- Movie Rating -

Along Came Polly (2004)

| May 10, 2004 | 0 Comments

A comedy like Along Came Polly is basically critic proof.  You can only report back that you either laughed or you didn’t laugh.  Sadly, try as it may, the movie didn’t make me laugh.  Not once.  Not at all.  Not even a meager smile.  That has nothing do with my mood at the time, which was silly and perfectly ready for a movie like this.  I went in with the same mood that I took to There’s Something About Mary and hoped that his movie would have that movie’s comic zeal.  This was not to be.  Despite the movie’s good-hearted intentions, it couldn’t register anything with me but stone-faced indifference.

I’m not being mean.  I am merely making the case that whatever this film is trying to do, it fails at it over and over again.  It stars Ben Stiller as Reuben Feffer, a nice guy who specializes in risk assessment.  He’s the guy who can point out all the things in your immediate living space that can kill you.  As the movie opens, he is marrying Lisa (Debra Messing) who, based on the look on her face, is probably less enthusiastic about getting married than he is.  That’s especially the case when, during their honeymoon, he watches her get on a boat with a hulking French scuba instructor named Claude (Hank Azaria) and catches them in an act of coitus that was so spontaneous that they forgot to take off their swim fins.

Depressed by the humiliation, Reuben returns back home to finds that everyone in his immediate hemisphere is aware of what Lisa did, not least of all, his buddy Sandy Lyle (Philip Seymour Hoffman) a former child star whose star has fallen so low that people remark that they assumed he was dead.

At an art gallery showing, Rueben runs into Polly Prince (Jennifer Aniston), an old acquaintance from school that based on his current situation, he immediately falls in love with.  She’s a nice girl, but flighty and impulsive – she’s the kind of girl that makes up her mind and changes it four times before she stops talking.  It might seem reasonable that given the way Reuben tip-toes around risks, that he might not be interested in a girl who has a pet ferret whose getting along in years, but if she weren’t his opposite then this might not be a romantic comedy.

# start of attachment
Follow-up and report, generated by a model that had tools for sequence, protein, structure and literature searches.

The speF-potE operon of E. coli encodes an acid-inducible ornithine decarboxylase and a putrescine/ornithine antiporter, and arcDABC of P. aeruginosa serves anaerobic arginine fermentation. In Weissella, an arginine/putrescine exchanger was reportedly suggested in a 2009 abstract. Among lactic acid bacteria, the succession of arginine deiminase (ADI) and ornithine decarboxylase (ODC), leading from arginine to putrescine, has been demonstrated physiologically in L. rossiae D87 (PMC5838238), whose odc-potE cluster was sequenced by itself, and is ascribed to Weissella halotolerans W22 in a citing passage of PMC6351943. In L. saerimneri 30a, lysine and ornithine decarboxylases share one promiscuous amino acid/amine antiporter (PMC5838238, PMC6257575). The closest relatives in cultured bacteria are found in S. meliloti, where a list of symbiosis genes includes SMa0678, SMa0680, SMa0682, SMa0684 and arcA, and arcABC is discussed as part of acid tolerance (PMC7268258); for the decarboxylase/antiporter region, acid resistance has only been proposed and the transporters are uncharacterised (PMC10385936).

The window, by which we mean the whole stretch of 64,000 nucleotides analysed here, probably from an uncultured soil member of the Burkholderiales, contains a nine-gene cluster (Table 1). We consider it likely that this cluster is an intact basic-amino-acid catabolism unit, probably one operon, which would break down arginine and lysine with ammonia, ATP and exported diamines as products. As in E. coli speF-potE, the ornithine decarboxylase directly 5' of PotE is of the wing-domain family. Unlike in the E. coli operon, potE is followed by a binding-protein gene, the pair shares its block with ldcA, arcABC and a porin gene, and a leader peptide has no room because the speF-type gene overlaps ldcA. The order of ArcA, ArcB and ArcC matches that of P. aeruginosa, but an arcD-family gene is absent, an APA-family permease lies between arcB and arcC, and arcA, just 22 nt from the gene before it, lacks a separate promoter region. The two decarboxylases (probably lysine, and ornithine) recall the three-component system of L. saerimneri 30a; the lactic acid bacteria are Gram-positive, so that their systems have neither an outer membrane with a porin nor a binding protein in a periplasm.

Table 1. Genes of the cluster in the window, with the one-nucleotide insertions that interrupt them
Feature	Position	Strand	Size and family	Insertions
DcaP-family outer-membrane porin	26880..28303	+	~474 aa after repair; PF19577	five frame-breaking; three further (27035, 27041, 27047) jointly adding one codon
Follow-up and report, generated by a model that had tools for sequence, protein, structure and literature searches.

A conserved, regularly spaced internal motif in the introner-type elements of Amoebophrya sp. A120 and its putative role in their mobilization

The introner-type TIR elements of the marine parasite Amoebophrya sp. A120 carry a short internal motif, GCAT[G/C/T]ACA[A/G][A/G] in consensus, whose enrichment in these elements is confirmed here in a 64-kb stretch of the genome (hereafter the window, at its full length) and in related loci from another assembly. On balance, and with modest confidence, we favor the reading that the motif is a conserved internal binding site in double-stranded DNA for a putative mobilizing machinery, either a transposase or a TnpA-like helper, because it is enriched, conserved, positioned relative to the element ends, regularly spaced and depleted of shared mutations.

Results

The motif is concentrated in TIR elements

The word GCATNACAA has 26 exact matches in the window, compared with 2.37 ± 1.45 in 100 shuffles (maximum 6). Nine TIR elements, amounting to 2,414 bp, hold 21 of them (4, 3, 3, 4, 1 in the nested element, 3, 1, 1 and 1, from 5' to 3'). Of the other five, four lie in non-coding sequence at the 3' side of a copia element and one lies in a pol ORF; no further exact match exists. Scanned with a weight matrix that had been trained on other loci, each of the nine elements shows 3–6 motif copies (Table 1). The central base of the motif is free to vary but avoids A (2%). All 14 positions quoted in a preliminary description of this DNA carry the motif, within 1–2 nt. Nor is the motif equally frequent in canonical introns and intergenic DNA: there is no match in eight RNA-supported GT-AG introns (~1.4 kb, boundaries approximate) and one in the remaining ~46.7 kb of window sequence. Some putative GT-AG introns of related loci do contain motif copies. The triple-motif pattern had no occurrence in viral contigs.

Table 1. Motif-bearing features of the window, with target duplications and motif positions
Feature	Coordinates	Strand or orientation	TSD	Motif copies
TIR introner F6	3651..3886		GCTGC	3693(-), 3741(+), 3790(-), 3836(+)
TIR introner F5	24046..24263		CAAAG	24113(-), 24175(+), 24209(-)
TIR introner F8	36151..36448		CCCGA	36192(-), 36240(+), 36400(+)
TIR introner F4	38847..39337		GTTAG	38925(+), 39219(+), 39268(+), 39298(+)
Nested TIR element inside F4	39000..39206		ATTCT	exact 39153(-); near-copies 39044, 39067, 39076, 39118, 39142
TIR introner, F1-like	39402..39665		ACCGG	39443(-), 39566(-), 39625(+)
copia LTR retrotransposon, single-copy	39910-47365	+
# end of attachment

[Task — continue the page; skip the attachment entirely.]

That attraction sets up a lot of unfortunate moments, including a scene in which Reuben accepts an invitation from Polly to a North African Spice restaurant, despite the fact that he suffers from irritable bowel syndrome.  The scene doesn’t play as funny as it might have.  Neither does a scene in which he goes Salsa dancing in comfortable shoes and gets angry when Polly does and erotic dance with a good looking dance instructor named Javier (Jsu Garcie). No points for guessing that when Reuben orders him away from Polly, Javier reveals that he is gay. Another scene that doesn’t work takes place in Polly’s apartment when Reuben, sick from the restaurant, accidentally finds himself using her grandmother’s handmade towel for toilet paper.  This scene too goes nowhere.  There are a dozen scenes like that.  They are set up with the hope that they will explode with comic zeal but they just kind of end with a whimper.

It is not for lack of trying.  The cast is full of actors given potentially funny parts to play.  The best is Philip Seymour Hoffman who puts on a rendition of “Jesus Christ Superstar” and at the last minute announces that he will be playing both Judas and Jesus.  THAT I would like to have seen but it doesn’t go anywhere.  There’s also Alec Baldwin as Reuben’s shark-like boss who has a toast at his wedding that builds nicely and then just flatlines.  Then there’s Bryan Brown whom Reuben is suppose to find a way to insure despite the fact that he likes to base jump off of the roof of his office. Even the jokes about the ferret fall flat. What a disappointment.

About the Author:

Jerry Roberts is a film critic and operator of two websites, Armchair Cinema and Armchair Oscars.
(2004) View IMDB Filed in: Comedy